If you were to ask me to think of a hard working British stoner band, I’d reply Desert Storm. They are always on the road, touring with bands, playing a festival or playing a show. Their album Omniscient is one of the best albums of their ilk in recent years and the band work incredibly hard. The band were astonishing when opening for Honky in London this year and completely won me over. I had to find out more about how Desert Storm worked, so I fielded some questions to vocalist Matt Ryan to find out more.
Jack: Hey, thanks for taking the time to answer my questions. How are you?
Matt [Ryan, vocals]: I’m good thanks.
Jack: How did Desert Storm form?
Matt: A group of mates all out at the same rock nights, all getting blasted and into the same shit, decided to start making music. We experimented and tried stuff out until we found the music we wanted to play. When we had four or five songs, as teenagers, we hit the local venues around Oxford. From there we grew and spread, more material, reaching further and further across the UK and into Europe. Desert Storm was a truly organic formation.
Jack: When you joined forces did you always want to be a sludge/stoner band?
Matt: Even our first couple of tracks were ruthlessly savage, with riffs, drone elements, fuzz. I think we’ve done a lot of styles really, but have never been through phases. We like to stick everything in the melting pot to make those tasty jams. Our style hasn’t changed all that much since day one, its just become more refined and honed.
Jack: What’s the scene like in Oxford?
Matt: We get a few touring artists coming through. In our early years, we used to play oxford every other weekend; same place, same time, smashing it out to friendly and familiar faces. Oxford still has plenty going on thanks to people like the twins. Now when we play, it’ll be that much more special, like a home reunion to catch up with the family. We’ve actually got a couple of shows coming up in Oxford this winter, can’t wait.
Jack: You just completed a tour with Honky, how was it touring with such legendary musicians?
Matt: This was our third tour with those guys and I’d consider us pretty close with them now. They’re good-hearted, friendly and vibrant, creative and so incredibly funny. A fantastic band to tour with. Incredibly humble guys.
Jack: What did you learn from touring with this band?
Matt: We’ve picked up a few things from them on the road, about all aspects of being in a band. Some through discussion, some through just spending time with the guys. Things like slide technique, the sheer genius of some ZZ Top rarities, how to approach people, tour van techniques (meditation yo!), generally how to party down. There’s loads.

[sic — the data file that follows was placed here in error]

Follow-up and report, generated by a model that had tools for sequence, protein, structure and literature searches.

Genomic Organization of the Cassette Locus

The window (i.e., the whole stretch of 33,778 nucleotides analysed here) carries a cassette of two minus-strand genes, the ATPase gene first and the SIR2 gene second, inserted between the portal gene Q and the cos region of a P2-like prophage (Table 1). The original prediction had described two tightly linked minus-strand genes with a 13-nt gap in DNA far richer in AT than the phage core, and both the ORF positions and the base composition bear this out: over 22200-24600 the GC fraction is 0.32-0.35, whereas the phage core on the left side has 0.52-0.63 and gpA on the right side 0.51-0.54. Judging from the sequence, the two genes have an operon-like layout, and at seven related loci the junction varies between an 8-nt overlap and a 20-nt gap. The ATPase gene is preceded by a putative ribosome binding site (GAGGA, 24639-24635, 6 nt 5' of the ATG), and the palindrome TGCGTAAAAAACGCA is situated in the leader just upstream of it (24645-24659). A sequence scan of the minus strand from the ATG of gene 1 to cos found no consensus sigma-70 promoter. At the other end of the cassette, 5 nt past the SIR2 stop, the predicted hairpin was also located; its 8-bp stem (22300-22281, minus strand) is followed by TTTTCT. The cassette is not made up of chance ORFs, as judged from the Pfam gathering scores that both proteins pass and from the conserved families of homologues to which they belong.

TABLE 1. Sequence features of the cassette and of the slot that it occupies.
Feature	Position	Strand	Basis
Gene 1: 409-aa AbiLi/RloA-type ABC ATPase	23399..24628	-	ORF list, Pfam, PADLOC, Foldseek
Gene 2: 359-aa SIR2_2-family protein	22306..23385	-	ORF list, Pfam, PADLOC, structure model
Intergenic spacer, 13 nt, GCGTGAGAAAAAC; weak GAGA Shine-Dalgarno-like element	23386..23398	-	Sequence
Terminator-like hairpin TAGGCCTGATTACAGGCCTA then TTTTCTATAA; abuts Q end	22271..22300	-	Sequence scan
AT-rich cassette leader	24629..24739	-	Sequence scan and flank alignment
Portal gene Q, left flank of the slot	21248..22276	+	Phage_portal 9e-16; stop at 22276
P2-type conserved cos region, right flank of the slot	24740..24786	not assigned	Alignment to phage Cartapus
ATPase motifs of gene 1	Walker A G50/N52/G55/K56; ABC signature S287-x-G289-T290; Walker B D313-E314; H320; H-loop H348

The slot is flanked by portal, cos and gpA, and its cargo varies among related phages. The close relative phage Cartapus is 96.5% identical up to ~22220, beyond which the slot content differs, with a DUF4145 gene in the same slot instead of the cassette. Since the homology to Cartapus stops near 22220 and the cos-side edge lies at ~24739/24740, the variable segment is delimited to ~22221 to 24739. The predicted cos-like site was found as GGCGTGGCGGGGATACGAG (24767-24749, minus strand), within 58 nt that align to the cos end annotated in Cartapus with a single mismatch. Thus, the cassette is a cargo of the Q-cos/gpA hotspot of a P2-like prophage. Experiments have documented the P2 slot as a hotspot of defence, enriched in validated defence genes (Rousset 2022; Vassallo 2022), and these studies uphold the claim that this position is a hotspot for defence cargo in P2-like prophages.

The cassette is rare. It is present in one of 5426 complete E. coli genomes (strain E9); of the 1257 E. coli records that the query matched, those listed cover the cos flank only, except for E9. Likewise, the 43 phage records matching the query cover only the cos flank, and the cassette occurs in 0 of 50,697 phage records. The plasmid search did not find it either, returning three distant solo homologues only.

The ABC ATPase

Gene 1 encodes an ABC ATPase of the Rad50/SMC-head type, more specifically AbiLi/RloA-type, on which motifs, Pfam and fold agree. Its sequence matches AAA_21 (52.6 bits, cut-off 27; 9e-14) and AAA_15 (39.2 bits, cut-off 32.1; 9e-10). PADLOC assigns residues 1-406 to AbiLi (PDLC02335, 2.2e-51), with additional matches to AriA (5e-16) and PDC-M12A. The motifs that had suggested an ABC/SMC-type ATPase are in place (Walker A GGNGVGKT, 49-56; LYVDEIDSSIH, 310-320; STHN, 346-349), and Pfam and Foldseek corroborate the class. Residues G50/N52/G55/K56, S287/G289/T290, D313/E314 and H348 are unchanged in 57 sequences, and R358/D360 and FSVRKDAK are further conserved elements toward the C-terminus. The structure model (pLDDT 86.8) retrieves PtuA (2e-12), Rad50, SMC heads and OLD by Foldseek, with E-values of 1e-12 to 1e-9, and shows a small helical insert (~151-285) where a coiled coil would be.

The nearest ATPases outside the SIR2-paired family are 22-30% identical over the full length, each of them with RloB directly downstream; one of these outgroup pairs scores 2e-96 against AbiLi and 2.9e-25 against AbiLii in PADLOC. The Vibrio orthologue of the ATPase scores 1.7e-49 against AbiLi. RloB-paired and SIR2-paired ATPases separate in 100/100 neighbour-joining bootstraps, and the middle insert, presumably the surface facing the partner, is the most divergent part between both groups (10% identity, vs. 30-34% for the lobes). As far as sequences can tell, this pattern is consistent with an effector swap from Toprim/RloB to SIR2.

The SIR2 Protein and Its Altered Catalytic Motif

Jack: Members of Honky have been in the bands such as Down, Butthole Surfers and The Melvins. Have these bands influenced you?
Matt: All those bands are killer. Melvins were huge for me in my early teenage years and Down later on. No doubt they formed part of my personal growth.
Jack: You played Bloodstock festival at 11am in a set some of your fans dubbed the Desert Storm breakfast club. How did you find Bloodstock?
Matt: That stage time was actually a bit of a blessing. Bloodstock is an enthusiasts festival, and everything is built around the fans, literally. Not many people are likely to sleep in and miss out, but we were probably loud enough and close enough to the campsite to wake the stragglers. We’ve got a sweet, groovy, heavy, party time sound that makes for an ideal wake and bake before the death/black/power stuff kicked in later on. Also at that time, we weren’t clashing with any big headliners. The experience itself was fucking mind blowing. Felt like home up on that stage with everyone going so hard. One of my favourite experiences.
Jack: You also played HRH Stoner vs Doom, how did you find it?
Matt: Professional, fun, heavy as balls, far exceeded my expectations. A cracking venue and an awesome lineup. Everything ran like a well oiled machine, as the HRH events always do.
Jack: Your album Omniscient has been out for a year, how blown away are you by the response?
Matt: Yeah it has been really positive. We had some solid PR in place and have seen some great things come back to us. Touring it has been a lot of fun, and has seen us venture all across the UK, to mainland and Eastern Europe.
Jack: What was the recording process like?
Matt: We booked a block studio session, over about a couple of weeks, we went in knowing exactly what we wanted, and have come away with something which we’re all immensely proud of. I actually had a stinking cold for a couple of the vocal days, so added phlegm for extra grit!
Jack: Have you starting thinking of a follow up yet?
Matt: We’ve been bouncing some ideas around. Got some new material which we’ve been dropping into sets and its been well received.
Jack: You toured with Hang the Bastard last year, how did that go?
Matt: Excellent, really fun guys to tour with. Because we’re all from the same part of the world, it always felt like home being around those guys, wherever we were. All funny lads in their own right, and disgustingly heavy on stage.
Jack: Desert Storm are a very active live band, is it getting to harder to find time off work to tour?
Matt: Not really, when you love something you make it work. It’s not that different from having a kid, a family, a demanding job.
Jack: What inspires you to keep going?
Matt: The fans and that stage. Up there is what it’s all about. All the sleep deprivation, traffic, loading, waiting always pays off.
Jack: Would you become a full time band if viable?
Matt: In a heartbeat.
Jack: Finally, what does the future hold for Desert Storm?
Matt: Exciting things on the horizon. Can’t say much at this stage, but keep us tabbed!